Your sales pipeline velocity tells you how many deals you are closing and how much revenue is moving through the pipeline each day. A higher velocity is obviously better. If your velocity isn’t where you want it, consider the factors slowing down deals from closing.
Meetings are an essential part of sales metrics because they represent a significant transition point in the customer journey. To use an analogy from the dating world: it’s like going from having someone’s phone number and exchanging a few texts or phone calls to meeting up with them in real life. Things may or may not work out, but taking that step represents a level of commitment that doesn’t happen with everyone.
Meetings help you understand how often your people are getting in front of qualified customers. Tracking your meetings to leads ratio can help you identify the quality of your leads. If you’re getting lots of engagement with your marketing materials but aren’t setting that many meetings, it could be an issue with the kind of people you’re attracting. On the other hand, if you’re scheduling several meetings, but they aren’t resulting in closed business, it may be a good time to revisit some of your sales processes or refresh your team on best practices.
Customer Acquisition Cost
Customer acquisition cost (or CAC) is a relatively simple metric, but it can reveal a lot about your sales and marketing processes. To calculate your CAC, simply divide the total amount of money spent on all marketing activities by the number of clients generated. For a simple example, if your annual marketing budget is $100,000 and you were able to bring in 200 new customers from that marketing, your CAC is $500.
Once you’ve determined your CAC, an easy way to evaluate the efficiency of your marketing is to compare it to your average customer lifetime value (LTV). Without knowing your LTV, it’s challenging to understand whether or not your CAC is where you want it. Continuing the example above: if an average customer will spend $1,250 with the company, a $500 CAC is excellent. That means you’re getting back roughly $2.50 in revenue for every $1 spent acquiring a customer.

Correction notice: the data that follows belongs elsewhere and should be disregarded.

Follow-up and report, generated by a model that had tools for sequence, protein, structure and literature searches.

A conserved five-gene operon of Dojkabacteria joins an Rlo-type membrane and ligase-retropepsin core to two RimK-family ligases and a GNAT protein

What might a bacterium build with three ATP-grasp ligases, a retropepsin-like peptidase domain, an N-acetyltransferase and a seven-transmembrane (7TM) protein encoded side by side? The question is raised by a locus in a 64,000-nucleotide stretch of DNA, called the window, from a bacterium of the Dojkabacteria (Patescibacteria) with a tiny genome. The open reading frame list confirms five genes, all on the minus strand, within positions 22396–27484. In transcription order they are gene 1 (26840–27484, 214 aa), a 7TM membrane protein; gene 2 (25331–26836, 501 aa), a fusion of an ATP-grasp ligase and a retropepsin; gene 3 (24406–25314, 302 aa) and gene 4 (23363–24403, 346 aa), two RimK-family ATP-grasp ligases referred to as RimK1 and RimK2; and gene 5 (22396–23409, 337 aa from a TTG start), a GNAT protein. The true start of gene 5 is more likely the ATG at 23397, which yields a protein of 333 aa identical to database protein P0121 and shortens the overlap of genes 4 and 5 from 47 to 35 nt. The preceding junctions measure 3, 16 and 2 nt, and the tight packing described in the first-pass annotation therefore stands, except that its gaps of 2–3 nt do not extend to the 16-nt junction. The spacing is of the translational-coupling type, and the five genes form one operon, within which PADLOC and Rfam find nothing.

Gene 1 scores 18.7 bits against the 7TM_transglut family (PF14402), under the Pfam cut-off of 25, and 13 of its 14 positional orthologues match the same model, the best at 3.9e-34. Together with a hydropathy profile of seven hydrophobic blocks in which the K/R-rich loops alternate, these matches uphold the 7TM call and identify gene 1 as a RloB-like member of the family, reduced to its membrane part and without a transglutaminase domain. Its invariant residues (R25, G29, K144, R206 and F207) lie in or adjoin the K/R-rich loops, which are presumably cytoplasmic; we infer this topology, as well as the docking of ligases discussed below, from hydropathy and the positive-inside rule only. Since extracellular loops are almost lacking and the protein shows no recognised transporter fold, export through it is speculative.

On the other hand, say your LTV is only $250. Then, you have a problem because you’re spending $1 to bring $0.50 worth of business. Again, this is a straightforward example with round numbers for easy calculation. Still, these numbers will help you understand how to apply your CAC within the broader context of your marketing operations.
Conclusion: Only Trust the [Right] Numbers
One thing we aren’t lacking in digital marketing is beliefs on how things should be done. It’s easy to sit around and theorize or talk about what we think might work for B2B marketing.
But the reality is that metrics are the only way to know which ideas are genuinely effective and which are just nice theories to talk about in meetings. Every company will have a slightly different perspective on where their numbers should be and what they should be looking for as they review marketing data. When it comes to metrics, remember to pick the right numbers to track and follow them consistently to gain a comprehensive picture of your marketing and its effectiveness.
Do you need some help filtering through all the marketing data you have to identify what matters? Or maybe you aren’t even sure where to start collecting data and want guidance from a specialist. Fill out this short quiz to learn more about how the conversion rate optimization experts at FunnelEnvy may be able to help.